PREVIOUS QUESTION:

 

NEXT QUESTION:

 

How can drinking less help you live with incontinence?

ANSWER

This simple step may be all you need. Aim to limit your liquids to 7 glasses a day. That includes water from foods like fruits and veggies. You don’t want to get dehydrated. Start by cutting back on how much you drink and see how you do. Your doctor can also suggest how much is enough.

From: Living With Incontinence WebMD Medical Reference

SOURCES:

American Academy of Family Physicians: "Urinary Incontinence: Embarrassing but Treatable."

National Association for Continence: "Finding Help with Incontinence," "Treatment Options for Incontinence."

Jennifer Anger, MD, MPH, urologist, Cedars-Sinai Medical Center, Los Angeles.

Amy Rosenman, MD, assistant clinical professor of obstetrics and gynecology, University of California Los Angeles David Geffen School of Medicine.

Halina Zyczynski, MD, associate professor of obstetrics and gynecology, University of Pittsburgh School of Medicine; director, division of urogynecology and reconstructive pelvic surgery, Magee-Womens Hospital, Pittsburgh.

American Urogynecologic Society.

Reviewed by Minesh Khatri on November 02, 2017

SOURCES:

American Academy of Family Physicians: "Urinary Incontinence: Embarrassing but Treatable."

National Association for Continence: "Finding Help with Incontinence," "Treatment Options for Incontinence."

Jennifer Anger, MD, MPH, urologist, Cedars-Sinai Medical Center, Los Angeles.

Amy Rosenman, MD, assistant clinical professor of obstetrics and gynecology, University of California Los Angeles David Geffen School of Medicine.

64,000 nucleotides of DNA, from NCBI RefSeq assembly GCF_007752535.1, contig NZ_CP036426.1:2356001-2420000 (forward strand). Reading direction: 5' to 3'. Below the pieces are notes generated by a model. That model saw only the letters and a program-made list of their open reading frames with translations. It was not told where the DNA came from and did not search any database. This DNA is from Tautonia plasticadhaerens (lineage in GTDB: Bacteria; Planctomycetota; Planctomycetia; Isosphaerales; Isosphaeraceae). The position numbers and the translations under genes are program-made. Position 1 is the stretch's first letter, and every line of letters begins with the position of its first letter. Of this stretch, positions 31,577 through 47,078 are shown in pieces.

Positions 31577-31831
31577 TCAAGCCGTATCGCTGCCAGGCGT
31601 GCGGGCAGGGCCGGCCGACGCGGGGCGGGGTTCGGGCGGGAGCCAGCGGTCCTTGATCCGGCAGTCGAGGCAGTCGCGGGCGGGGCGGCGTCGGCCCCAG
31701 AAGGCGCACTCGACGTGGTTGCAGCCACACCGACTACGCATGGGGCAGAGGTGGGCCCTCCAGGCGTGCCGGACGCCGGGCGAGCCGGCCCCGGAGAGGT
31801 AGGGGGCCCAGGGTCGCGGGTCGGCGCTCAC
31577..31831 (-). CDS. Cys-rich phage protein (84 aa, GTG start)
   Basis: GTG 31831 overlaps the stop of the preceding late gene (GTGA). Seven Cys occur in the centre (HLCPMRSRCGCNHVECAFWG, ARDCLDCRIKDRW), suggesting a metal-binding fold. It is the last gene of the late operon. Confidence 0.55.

Halina Zyczynski, MD, associate professor of obstetrics and gynecology, University of Pittsburgh School of Medicine; director, division of urogynecology and reconstructive pelvic surgery, Magee-Womens Hospital, Pittsburgh.

American Urogynecologic Society.

Reviewed by Minesh Khatri on November 02, 2017

NEXT QUESTION:

How can avoiding trigger foods help you live with incontinence?

WAS THIS ANSWER HELPFUL

THIS TOOL DOES NOT PROVIDE MEDICAL ADVICE. It is intended for general informational purposes only and does not address individual circumstances. It is not a substitute for professional medical advice, diagnosis or treatment and should not be relied on to make decisions about your health. Never ignore professional medical advice in seeking treatment because of something you have read on the WebMD Site. If you think you may have a medical emergency, immediately call your doctor or dial 911.

    This tool does not provide medical advice. See additional information.

    Other Answers On: